The grave marker of Warrant Officer Arthur W. McIntyre is seen at the Dartmouth Memorial Gardens in Dartmouth, N.S. on Friday, Nov. 9, 2018. Every year the Royal Canadian Legion Centennial Branch places a flag and poppy on the grave of each veteran in the cemetery. (Andrew Vaughan/The Canadian Press)

The grave marker of Warrant Officer Arthur W. McIntyre is seen at the Dartmouth Memorial Gardens in Dartmouth, N.S. on Friday, Nov. 9, 2018. Every year the Royal Canadian Legion Centennial Branch places a flag and poppy on the grave of each veteran in the cemetery. (Andrew Vaughan/The Canadian Press)

Canadians mark Remembrance Day, 100 years since end of First World War

The sombre crowd stood in near-silence as it reflected on the battles that ended a century ago, and those that have come since

Crowds of people have filled the square at Halifax’s Grand Parade to mark 100 years since the signing of the armistice that ended the First World War.

As the clock struck 11 a.m., the gun on nearby Citadel Hill fired the first of 22 shots.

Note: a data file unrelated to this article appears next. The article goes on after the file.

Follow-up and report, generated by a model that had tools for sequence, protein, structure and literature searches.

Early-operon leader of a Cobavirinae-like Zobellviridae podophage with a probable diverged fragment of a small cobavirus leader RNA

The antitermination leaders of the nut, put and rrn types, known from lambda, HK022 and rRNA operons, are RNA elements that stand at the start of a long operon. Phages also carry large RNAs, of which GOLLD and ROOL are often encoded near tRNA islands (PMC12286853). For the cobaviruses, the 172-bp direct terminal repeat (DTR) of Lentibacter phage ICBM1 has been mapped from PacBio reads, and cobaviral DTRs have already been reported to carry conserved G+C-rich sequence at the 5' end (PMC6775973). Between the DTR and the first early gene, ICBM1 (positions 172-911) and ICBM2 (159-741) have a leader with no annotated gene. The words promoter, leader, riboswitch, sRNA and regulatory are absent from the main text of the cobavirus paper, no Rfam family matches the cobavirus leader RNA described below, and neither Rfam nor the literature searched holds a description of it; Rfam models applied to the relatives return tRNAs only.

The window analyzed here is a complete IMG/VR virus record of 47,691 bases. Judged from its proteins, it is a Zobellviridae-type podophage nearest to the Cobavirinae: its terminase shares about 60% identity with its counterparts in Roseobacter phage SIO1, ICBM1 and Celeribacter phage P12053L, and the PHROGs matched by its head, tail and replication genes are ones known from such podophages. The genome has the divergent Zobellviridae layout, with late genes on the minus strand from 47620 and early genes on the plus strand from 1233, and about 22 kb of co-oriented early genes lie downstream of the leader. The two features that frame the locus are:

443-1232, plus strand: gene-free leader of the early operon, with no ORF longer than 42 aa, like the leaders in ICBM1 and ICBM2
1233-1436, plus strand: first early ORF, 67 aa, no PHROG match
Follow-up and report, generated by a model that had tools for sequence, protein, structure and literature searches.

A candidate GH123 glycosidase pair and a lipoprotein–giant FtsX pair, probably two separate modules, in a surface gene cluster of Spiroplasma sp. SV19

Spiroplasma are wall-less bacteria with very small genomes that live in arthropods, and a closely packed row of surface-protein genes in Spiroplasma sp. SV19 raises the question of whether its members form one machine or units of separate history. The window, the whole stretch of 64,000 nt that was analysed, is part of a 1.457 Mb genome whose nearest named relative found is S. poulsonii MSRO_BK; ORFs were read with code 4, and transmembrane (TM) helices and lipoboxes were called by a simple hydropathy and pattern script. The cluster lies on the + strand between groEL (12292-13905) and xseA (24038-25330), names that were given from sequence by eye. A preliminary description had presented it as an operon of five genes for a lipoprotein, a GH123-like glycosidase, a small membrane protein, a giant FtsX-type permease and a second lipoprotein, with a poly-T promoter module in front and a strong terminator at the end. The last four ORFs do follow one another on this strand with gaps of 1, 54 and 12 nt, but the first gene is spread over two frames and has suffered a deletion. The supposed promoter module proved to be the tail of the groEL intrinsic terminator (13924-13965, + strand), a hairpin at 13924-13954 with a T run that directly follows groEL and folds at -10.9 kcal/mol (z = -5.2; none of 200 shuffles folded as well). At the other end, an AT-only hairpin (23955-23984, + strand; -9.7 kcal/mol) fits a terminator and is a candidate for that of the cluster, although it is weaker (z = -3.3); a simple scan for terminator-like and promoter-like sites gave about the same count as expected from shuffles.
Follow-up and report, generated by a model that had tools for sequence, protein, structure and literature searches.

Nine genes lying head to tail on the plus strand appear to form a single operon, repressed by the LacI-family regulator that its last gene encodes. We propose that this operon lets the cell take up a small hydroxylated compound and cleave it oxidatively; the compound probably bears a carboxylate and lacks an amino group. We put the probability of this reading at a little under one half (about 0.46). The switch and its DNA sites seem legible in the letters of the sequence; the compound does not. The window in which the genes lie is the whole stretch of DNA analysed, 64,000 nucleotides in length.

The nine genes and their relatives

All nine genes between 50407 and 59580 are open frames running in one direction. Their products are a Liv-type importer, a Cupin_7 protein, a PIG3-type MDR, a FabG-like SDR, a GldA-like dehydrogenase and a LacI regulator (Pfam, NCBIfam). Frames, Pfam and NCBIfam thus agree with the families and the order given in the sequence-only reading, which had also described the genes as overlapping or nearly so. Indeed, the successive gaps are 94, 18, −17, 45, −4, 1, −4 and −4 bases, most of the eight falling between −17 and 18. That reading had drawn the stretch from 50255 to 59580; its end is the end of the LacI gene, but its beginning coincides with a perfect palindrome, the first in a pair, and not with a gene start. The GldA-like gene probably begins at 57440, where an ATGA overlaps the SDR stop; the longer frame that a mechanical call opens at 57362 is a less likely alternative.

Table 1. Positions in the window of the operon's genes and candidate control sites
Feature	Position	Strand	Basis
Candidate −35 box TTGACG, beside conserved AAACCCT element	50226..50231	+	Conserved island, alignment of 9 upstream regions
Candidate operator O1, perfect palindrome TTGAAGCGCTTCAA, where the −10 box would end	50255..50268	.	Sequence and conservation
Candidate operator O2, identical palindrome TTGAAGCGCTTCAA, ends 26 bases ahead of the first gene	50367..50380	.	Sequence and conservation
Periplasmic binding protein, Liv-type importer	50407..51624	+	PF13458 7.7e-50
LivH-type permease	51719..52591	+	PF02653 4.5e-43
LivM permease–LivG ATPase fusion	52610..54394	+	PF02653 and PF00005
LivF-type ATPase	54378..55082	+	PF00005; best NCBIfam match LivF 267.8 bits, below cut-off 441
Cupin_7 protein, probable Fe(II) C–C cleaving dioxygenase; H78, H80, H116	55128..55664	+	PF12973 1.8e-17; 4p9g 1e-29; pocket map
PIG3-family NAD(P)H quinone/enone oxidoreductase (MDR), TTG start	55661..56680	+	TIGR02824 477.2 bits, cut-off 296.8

The sombre crowd stood in near-silence as it reflected on the battles that ended a century ago, and those that have come since.

The Halifax gathering is one of many across the country, including the national ceremony in Ottawa which will be attended by Defence Minister Harjit Sajjan in place of Prime Minister Justin Trudeau.

Trudeau is spending Remembrance Day weekend in France where he attended Armistice Day ceremonies in Paris today, marking the end of the “war to end all wars.”

Back in Ottawa, Governor General Julie Payette will attend the national ceremony alongside Sajjan, after returning from Belgium where she attended additional commemorative events.

Dominion carillonneur Andrea McCrady will play the bells in Parliament Hill at sunset as part of an initiative organized by the Royal Canadian Legion.

Bells will ring out as night falls in one place after another across the country, including at city halls and places of worship, on military bases and ships, and at ceremonies to honour veterans who served during the First World War.

McCrady will play “The Last Post” on the Peace Tower carillon, followed by striking the largest bell 100 times, at five-second intervals, which represents the moment in 1918 when bells across Europe tolled as the war came to an end.

The Canadian Press


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